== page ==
Enviromental Impact on Whales

It’s difficult to separate the environmental impact on whales without mentioning that humans are at the root cause.  Harmful toxins have affected every square mile of the earth’s oceans, and the implications are the same for both sea creatures and humans alike. Human activities, such as over-fishing, global warming and greenhouse gases, are affecting the world in ways we can’t imagine. It’s estimated that 40 percent of the earth’s marine ecosystems are toxic.

What may be even more disturbing is the rise in illnesses that marine mammals are experiencing. These illnesses include digestive system complications, liver disease, damage to the endocrine system, reproductive complications, developmental issues and cancer and more. A majority of scientists across the world believe these sea mammal diseases are caused by pollutants and toxins in the earth’s oceans.


Marine Mammals – Top the Food Chain

Marine mammals are at the top of sea’s food chain. As a result, the toxins in their bodies have accumulated at a rapid rate. These toxins lodge in the fatty tissues and breast milk of many marine mammals. Small fish consume plankton. Larger fish eat the smaller fish—and the process repeats up the chain until it reaches marine mammals and humans. It’s the high levels of toxins in whales, dolphins and other marine animals that have caused so many diseases in these magnificent creatures of the sea. Marine mammals that are infected include the bottlenose dolphin, orca, Risso’s dolphin, Steller’s sea eagle, gray seal and the common dolphin.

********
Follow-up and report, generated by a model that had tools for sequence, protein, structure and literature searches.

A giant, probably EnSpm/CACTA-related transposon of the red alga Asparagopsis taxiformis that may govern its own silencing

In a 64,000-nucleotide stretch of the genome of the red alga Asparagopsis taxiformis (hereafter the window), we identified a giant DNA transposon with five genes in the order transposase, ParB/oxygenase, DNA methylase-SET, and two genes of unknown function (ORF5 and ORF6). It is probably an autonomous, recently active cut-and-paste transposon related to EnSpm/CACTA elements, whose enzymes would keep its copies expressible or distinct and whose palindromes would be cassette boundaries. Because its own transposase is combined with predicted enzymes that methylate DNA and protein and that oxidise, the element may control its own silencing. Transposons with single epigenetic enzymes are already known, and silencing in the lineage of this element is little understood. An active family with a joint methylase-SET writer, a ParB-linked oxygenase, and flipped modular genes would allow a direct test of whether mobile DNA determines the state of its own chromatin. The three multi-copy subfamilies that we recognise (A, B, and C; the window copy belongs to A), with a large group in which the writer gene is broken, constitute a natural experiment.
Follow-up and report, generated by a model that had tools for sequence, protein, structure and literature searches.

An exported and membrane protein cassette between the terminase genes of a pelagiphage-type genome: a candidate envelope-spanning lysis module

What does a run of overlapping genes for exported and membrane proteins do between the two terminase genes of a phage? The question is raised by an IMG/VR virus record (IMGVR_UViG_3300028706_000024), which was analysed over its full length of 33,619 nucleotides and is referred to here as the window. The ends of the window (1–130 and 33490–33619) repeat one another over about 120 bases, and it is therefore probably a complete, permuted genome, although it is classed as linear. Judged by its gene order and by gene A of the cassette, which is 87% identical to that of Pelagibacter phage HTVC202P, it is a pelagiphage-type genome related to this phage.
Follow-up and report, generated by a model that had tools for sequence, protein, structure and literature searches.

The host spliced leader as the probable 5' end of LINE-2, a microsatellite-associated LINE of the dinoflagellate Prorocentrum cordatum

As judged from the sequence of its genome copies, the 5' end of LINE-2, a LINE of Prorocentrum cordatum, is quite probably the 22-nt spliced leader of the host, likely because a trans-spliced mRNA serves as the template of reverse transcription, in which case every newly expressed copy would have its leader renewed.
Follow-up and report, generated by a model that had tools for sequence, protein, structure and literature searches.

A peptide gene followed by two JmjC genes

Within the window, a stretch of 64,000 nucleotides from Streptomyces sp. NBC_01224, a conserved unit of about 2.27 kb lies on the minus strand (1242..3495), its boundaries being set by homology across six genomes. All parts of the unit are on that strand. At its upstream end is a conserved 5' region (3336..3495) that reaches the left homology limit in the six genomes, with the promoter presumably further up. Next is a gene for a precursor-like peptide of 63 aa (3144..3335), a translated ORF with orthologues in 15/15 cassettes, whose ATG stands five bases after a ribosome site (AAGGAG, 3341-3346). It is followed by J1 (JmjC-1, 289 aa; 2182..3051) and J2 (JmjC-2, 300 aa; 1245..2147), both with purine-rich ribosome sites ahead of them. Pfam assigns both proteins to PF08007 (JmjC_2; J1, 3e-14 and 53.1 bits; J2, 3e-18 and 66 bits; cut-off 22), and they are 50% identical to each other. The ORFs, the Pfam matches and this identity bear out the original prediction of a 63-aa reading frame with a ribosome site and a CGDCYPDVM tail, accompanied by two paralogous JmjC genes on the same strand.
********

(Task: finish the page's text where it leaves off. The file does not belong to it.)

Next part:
A Message to Mankind

The health decline of so many whales and sea mammals sends a message that mankind should heed. We’re being shown our future unless we find a way to change and live at peace with the world. The earth’s oceans have become contaminated, and there seems to be no end in sight. Harmful toxins spread by wind, rain and the ocean’s currents. And the sad truth is that even if the world stopped polluting tomorrow, it would take generations, maybe even centuries, for the environmental and human impact on whales and sea mammals to subside.

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“It is from the progeny of this parent cell that we all take our looks; we still share genes around, and the resemblance of the enzymes of grasses to those of whales is in fact a family resemblance. (Lewis Thomas – American Physician and Writer, 1913-1993)”



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